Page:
Natalie had been on and off the BU Charles River Campus for decades, reporting stories, going to meetings, and attending many official functions along with Sam—she was a fixture at the University. “Wherever she went, buildings and grounds guys would wave at her, food services wait staff would greet her, and an assortment of staff, administrators, faculty, department chairs, deans, and vice presidents were on a first-name basis with her,” Keith says.

The BU Women’s Guild was one of Natalie’s great passions. “Over decades, she devoted her energy to help the guild flourish, becoming a guild president, editing invitation copy for its events, and chairing its scholarship committee, which annually awarded funds to BU graduate women 30 and over to assist them in fulfilling their educational goals,” says Keith, herself a one-time Guild president. “She helped develop the Florence Engels Randall Writing Prizes, and above all, she loved reading the student submissions and meeting the prize winners.”

Natalie was not one for pretense. One day while we were talking in her office, she let slip that she had earned a PhD while living in Madison, Wis., in the early sixties. You can find her thesis about English mystery and miracle plays, “Medieval Mysteries for Modern Production,” in the University of Wisconsin library. But she scoffed at anyone who found out about her degree and tried to call her “Doctor McCracken.”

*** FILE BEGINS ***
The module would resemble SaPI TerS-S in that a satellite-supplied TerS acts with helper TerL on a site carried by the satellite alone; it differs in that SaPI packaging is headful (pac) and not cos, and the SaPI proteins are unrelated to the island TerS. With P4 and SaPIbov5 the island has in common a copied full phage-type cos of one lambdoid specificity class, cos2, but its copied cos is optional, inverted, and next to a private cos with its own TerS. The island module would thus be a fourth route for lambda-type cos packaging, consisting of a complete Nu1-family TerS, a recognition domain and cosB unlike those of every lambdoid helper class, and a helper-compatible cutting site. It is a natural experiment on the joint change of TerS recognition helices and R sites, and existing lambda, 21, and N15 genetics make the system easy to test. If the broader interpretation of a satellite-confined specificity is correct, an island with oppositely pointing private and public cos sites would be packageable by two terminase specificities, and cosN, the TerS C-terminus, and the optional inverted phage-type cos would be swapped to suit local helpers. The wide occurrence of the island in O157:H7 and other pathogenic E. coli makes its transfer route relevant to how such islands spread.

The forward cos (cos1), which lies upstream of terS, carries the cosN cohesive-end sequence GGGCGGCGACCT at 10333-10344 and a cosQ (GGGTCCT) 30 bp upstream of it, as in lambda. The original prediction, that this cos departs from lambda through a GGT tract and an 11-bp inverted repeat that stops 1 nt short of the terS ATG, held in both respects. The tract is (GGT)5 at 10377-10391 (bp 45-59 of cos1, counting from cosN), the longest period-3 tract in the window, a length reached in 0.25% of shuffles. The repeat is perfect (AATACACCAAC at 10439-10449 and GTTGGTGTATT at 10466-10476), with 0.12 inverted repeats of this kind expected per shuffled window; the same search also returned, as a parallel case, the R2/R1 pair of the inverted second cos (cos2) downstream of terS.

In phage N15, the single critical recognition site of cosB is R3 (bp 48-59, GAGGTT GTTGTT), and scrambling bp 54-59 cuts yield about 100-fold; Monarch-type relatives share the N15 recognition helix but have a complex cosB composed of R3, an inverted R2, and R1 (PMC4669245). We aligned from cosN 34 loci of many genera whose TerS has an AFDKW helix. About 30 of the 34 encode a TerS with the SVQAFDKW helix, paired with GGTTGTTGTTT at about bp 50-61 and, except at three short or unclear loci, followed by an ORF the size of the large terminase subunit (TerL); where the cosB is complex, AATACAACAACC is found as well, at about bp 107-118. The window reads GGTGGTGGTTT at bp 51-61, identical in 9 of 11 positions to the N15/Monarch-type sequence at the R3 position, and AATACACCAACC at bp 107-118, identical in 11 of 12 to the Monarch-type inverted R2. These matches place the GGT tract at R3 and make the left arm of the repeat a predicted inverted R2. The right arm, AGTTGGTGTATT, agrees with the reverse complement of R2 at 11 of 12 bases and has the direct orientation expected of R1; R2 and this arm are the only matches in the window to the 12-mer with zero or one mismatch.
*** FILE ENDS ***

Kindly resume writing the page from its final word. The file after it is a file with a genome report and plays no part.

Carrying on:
Birthdays were important; in the office, we celebrated everyone’s birthday with, at the least, a card that we all signed, if not a celebratory cake. Natalie’s major birthdays themselves became celebrations: when she turned 60, shortly after I arrived, a large crowd gathered at a Thai restaurant on Comm Ave, with folks coming from all over BU. When she turned 70—though heaven knows, no years were mentioned—the gathering was larger, at One Silber Way. It was a festive gathering. Natalie loved children. Mine were young at the time, and were made to feel as special guests at her party.

After I left BU in 2007, I kept in touch with Natalie. Over the next 11 years, we had lunch or dinner every couple of months. Her favorite restaurant was one she had never been to before; her favorite dish, one she’d never had. The last couple of years, we had been working our way through the restaurants of Arlington Center, near where I live. Indian, Korean, Mexican, Thai, Japanese: I have memories of her in all those places.

On October 20, 2018, Natalie and I met at Toraya, a small Japanese restaurant in Arlington. We got the last table, as it was filling up fast. We lingered, talking about her plans to go to Austin to see her daughter and grandkids, and about books we were reading. It was dark out as we left. I gave her a hug goodbye, and we agreed we’d try a new Italian restaurant for our next outing. Less than two weeks later, she had a cerebral hemorrhage, slipped into a coma, and died peacefully at home. She leaves a son, Harry McCracken (CAS’86), and a daughter, Elizabeth McCracken (CAS’88, GRS’88).